16-Year-Old Driving In Crash That Killed Four Teens
GRISWOLD, CT (AP / WCBS 880) - A 16-year-old boy was behind the wheel in a one-car accident that killed him and three other teenagers in eastern Connecticut, police said Wednesday.
WCBS 880 Connecticut Bureau Chief Fran Schneidau reports
Authorities were investigating what caused John Clapper to lose control of the car and strike a tree Tuesday afternoon in Griswold, a rural town 40 miles southeast of Hartford where the deaths sent shock waves through the high school.
The only surviving passenger is 16-year-old Joel Gallup, who was sitting in the back seat of the 2007 Nissan Altima at the time of the accident, according to a state police report. He was hospitalized in critical condition.
It was unclear whether any of the passengers were wearing seat belts, according to the report.
Grief counselors were working with high school students as classed resumed Wednesday at Griswold High School. Two state police cruisers were outside the school building and television news trucks were parked nearby.
“When five students are involved in a situation like this, it affects everybody,” Superintendent of Schools Paul Freeman said in an interview. “It’s a huge loss to our community and everybody in our school and everybody in our town is feeling it right now.”
The others killed in the accident on a tree-lined road were identified as 16-year-old Sativa Cornell, 15-year-old Steven Szklarz and 16-year-old Dillon Clifford. Three died at the scene and a fourth died at a local hospital.
The car involved in the accident was registered to a woman with the same address as Cornell, who was sitting in the passenger side of the front seat at the time of the accident, according to the report. A woman who answered the phone at Cornell’s address declined to comment.
Griswold has a population of about 12,000 and only 750 students attend the high school.
Jim Pendergast, a 38-year-old home contractor, said his 16-year-old daughter Samantha knows at least a couple of the victims. He said she drove by the crash site as she returned from her great-grandmother’s funeral Tuesday afternoon.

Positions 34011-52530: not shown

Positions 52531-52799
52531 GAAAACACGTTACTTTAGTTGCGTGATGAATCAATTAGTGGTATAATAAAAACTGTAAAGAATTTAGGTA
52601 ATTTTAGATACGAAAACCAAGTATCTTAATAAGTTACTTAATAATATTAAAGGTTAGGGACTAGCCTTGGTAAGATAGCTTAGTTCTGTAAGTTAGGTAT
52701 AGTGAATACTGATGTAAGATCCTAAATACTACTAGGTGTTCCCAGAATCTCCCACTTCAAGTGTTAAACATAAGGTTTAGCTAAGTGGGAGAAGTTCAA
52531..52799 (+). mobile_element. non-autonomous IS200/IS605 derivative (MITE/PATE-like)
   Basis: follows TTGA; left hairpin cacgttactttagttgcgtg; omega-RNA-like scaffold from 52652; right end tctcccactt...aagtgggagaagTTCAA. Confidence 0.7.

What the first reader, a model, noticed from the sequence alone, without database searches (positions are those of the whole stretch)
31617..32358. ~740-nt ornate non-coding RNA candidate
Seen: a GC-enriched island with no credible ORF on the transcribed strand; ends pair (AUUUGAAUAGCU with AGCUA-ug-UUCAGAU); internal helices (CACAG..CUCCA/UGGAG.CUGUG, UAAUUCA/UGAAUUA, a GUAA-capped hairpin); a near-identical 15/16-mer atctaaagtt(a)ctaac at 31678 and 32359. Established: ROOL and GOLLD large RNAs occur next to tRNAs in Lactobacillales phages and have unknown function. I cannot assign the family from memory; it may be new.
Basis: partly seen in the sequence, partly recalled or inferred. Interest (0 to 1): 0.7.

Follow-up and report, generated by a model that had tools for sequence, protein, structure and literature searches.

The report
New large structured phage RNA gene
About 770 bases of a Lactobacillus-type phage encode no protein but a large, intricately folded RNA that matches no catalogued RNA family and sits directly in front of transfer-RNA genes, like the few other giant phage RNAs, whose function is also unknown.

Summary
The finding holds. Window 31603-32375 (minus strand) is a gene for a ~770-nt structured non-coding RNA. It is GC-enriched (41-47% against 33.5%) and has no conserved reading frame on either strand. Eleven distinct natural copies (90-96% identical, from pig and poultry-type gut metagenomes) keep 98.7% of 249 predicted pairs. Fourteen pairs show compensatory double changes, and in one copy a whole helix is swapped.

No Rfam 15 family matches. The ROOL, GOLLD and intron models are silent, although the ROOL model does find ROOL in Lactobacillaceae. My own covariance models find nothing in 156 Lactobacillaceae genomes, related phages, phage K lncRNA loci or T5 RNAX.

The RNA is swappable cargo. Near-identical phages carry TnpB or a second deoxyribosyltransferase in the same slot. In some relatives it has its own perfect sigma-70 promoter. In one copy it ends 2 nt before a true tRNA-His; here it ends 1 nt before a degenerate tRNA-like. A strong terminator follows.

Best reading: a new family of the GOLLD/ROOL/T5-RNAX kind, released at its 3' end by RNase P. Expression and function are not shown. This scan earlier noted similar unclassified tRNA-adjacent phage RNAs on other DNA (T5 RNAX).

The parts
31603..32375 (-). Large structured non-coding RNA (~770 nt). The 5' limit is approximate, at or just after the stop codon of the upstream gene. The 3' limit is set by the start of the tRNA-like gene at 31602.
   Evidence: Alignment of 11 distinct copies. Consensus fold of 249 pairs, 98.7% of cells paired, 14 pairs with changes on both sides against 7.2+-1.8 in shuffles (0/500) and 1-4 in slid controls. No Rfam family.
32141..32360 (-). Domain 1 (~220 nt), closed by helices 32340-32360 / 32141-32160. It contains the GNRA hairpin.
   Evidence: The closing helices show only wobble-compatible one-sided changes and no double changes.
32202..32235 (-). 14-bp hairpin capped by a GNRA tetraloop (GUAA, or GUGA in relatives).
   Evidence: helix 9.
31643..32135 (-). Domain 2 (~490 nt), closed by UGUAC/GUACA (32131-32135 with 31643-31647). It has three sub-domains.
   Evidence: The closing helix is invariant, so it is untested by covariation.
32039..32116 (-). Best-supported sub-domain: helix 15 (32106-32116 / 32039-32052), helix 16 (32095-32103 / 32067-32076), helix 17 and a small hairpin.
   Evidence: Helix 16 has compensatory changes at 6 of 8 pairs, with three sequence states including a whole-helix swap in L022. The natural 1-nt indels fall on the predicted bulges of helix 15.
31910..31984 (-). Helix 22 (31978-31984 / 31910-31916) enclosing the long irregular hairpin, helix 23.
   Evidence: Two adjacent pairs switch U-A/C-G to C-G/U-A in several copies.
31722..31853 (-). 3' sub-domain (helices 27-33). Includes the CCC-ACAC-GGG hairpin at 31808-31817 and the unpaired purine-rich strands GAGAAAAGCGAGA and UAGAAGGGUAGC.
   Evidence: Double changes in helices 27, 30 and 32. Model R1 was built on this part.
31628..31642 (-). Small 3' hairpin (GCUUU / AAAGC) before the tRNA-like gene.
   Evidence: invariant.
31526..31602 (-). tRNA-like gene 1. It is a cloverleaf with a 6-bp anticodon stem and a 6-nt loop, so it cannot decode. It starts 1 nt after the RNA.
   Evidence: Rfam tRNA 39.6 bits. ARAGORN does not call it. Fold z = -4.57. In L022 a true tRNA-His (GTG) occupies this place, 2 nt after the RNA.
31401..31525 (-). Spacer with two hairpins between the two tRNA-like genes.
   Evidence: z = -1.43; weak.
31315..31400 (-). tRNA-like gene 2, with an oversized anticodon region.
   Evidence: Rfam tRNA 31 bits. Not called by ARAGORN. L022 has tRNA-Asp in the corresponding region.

“I really don’t know what to tell you. It’s a sad thing. You don’t want to lose any kids, let alone four,” Pendergast said inside a convenience store.
Freeman said the school administration coordinated with police and the fire department to arrange support for students and teachers. He said the mood at the school as “very quiet” and everyone was shocked.
“We know that we’ve suffered a terrible loss,” he said. “We told our students today that it’s important for them to talk to each other, to talk to the staff members who are around them and to allow us to help them get through the day.”
Investigators are still trying to determine the cause of the crash.
“We’ll examine everything and anything to determine what happened,” state police spokesman Lt. J. Paul Vance said.
The crash occurred as Connecticut marked Teen Safe Driving Week, and a day after transportation officials announced that fatal crashes in the state were at a 12-year low among 16- and 17-year-old drivers.
Following several high-profile tragedies, Gov. M. Jodi Rell had created a task force on teen driving, which recommended more stringent laws that state lawmakers passed in 2008.
They included moving the teen driving curfew to 11 p.m. and doubling the amount of behind-the-wheel training required for teenagers.
(Copyright 2010 by The Associated Press. All Rights Reserved.)